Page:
Three ways to save the euro that won’t work

Ideas that won't save the euro: decreasing wages, dividing the eurozone, or implementing institutional reforms.

Michael Probst/AP Photo/File
The Euro sculpture is see in front of the European Central Bank ECB in Frankfurt, Germany, in this Sept. 2, 2009 photo. Alarmed by the risk to the euro, the European Central Bank exercised what analysts called its "nuclear option" early Monday, announcing it would intervene in bond markets as part of the wider effort to protect the eurozone. The central bank for the 16 countries that use the euro said its move was designed "to ensure depth and liquidity in those market segments which are dysfunctional." The announcement was part of a decision by the European Union and International Monetary, who pledged nearly US dlrs 1 trillion to defend the euro and the eurozone.

Just two short years ago, it was harder for Americans to justify spending time in Europe. It was much less affordable as the euro hovered near a record high just below $1.60. How things have changed. Today it’s closer to $1.27… down more than 20% on concerns stemming from Greece’s overwhelming sovereign debt.

So, the upside is that visiting Europe is much less expensive right now. The downside? An unraveling euro could set off a strange and potentially drastic set of consequences for the global economy.

Nobel Laureate Joseph Stiglitz further describes the challenge…

"One proposed solution is for these countries to engineer the equivalent of a devaluation – a uniform decrease in wages. This, I believe, is unachievable, and its distributive consequences are unacceptable. The social tensions would be enormous. It is a fantasy.

“There is a second solution: the exit of Germany from the eurozone or the division of the eurozone into two sub-regions. The euro was an interesting experiment, but, like the almost-forgotten exchange-rate mechanism (ERM) that preceded it and fell apart when speculators attacked the British pound in 1992, it lacks the institutional support required to make it work.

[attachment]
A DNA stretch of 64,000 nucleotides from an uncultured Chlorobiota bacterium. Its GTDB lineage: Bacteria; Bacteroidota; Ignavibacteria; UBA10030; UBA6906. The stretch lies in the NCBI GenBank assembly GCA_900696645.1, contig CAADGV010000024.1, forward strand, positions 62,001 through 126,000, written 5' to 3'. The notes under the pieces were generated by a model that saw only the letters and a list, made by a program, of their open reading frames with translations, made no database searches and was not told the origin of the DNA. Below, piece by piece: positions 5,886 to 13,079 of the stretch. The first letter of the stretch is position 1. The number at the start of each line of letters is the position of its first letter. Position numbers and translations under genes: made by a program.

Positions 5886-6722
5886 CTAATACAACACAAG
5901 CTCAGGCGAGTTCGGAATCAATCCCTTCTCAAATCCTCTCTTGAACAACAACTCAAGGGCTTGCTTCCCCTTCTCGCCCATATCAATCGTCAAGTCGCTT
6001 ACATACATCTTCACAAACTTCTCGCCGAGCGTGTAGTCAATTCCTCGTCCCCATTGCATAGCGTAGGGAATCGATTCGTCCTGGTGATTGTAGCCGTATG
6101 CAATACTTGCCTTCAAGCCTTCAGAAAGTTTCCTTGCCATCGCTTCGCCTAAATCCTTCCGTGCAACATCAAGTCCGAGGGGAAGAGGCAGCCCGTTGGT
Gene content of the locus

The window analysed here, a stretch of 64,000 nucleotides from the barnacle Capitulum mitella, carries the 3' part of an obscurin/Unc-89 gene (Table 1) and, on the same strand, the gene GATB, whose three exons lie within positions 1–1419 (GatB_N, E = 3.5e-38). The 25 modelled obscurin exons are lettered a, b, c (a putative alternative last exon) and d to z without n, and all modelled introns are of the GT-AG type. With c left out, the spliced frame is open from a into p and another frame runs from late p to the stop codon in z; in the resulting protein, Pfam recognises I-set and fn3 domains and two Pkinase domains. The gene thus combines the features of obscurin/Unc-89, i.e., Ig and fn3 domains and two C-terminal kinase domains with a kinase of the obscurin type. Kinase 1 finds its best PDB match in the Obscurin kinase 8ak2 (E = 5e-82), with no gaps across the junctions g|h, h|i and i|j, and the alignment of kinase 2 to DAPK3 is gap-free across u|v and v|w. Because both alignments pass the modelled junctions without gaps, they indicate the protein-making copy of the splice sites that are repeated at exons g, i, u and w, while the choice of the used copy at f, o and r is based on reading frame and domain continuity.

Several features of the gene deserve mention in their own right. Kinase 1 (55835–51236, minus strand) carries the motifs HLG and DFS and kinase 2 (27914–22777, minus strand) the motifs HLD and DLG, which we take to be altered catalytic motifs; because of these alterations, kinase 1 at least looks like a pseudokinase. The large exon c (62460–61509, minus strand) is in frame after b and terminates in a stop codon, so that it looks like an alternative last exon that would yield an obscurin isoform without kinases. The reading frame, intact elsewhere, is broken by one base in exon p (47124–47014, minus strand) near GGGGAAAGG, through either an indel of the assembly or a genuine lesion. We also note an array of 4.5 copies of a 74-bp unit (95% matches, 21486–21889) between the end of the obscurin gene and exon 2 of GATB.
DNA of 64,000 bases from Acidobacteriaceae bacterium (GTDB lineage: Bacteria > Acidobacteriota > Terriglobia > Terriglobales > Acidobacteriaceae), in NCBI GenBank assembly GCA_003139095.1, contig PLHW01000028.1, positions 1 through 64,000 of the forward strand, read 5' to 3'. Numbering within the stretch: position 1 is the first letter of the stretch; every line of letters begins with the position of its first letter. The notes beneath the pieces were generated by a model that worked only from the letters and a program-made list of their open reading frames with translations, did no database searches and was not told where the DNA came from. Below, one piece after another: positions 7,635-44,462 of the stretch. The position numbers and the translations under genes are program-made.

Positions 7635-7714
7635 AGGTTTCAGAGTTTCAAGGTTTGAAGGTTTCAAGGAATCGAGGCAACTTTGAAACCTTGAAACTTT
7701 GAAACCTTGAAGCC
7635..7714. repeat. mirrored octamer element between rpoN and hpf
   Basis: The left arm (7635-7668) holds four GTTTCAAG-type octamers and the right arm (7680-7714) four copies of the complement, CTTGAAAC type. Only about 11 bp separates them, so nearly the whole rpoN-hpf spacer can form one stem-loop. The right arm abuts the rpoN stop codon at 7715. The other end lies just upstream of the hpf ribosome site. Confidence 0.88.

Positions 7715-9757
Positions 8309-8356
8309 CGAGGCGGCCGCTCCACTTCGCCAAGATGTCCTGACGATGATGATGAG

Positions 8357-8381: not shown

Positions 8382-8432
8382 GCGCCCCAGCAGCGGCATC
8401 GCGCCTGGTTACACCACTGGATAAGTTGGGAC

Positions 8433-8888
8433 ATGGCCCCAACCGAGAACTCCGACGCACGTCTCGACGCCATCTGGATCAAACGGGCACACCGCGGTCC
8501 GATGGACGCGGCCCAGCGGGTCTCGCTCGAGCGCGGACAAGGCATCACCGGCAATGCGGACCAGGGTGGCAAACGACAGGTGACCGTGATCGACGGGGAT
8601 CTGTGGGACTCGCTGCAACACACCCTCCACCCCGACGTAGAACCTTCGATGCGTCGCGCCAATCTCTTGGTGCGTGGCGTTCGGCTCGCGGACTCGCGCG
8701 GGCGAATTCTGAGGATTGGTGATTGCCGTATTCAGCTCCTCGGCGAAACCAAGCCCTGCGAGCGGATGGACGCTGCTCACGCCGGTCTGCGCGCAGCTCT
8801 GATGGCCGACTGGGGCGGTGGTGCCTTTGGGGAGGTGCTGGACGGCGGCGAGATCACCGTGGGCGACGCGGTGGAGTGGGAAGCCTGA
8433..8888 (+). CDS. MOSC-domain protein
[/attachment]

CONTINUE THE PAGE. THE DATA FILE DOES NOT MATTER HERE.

“There is a third solution, which Europe may come to realize is the most promising for all: implement the institutional reforms, including the necessary fiscal framework, that should have been made when the euro was launched.”

Unfortunately, the first solution would hurt economically in a way politicians are unlikely to bear. For the second, it’s still quite difficult to envision Germany quitting the eurozone. Finally, the third solution sounds a bit utopian given the inter-state political battleground Europe has been resembling in recent weeks. All three potential solutions are paved with landmines.

If yesterday’s brief but trillion-dollar value wipeout was any indication of things to come, and it probably was, we had better prepare for the worst now. Again though… at least vacations in Europe should be discounted this summer.

Visit Project Syndicate to read more about whether or not the euro can be saved.

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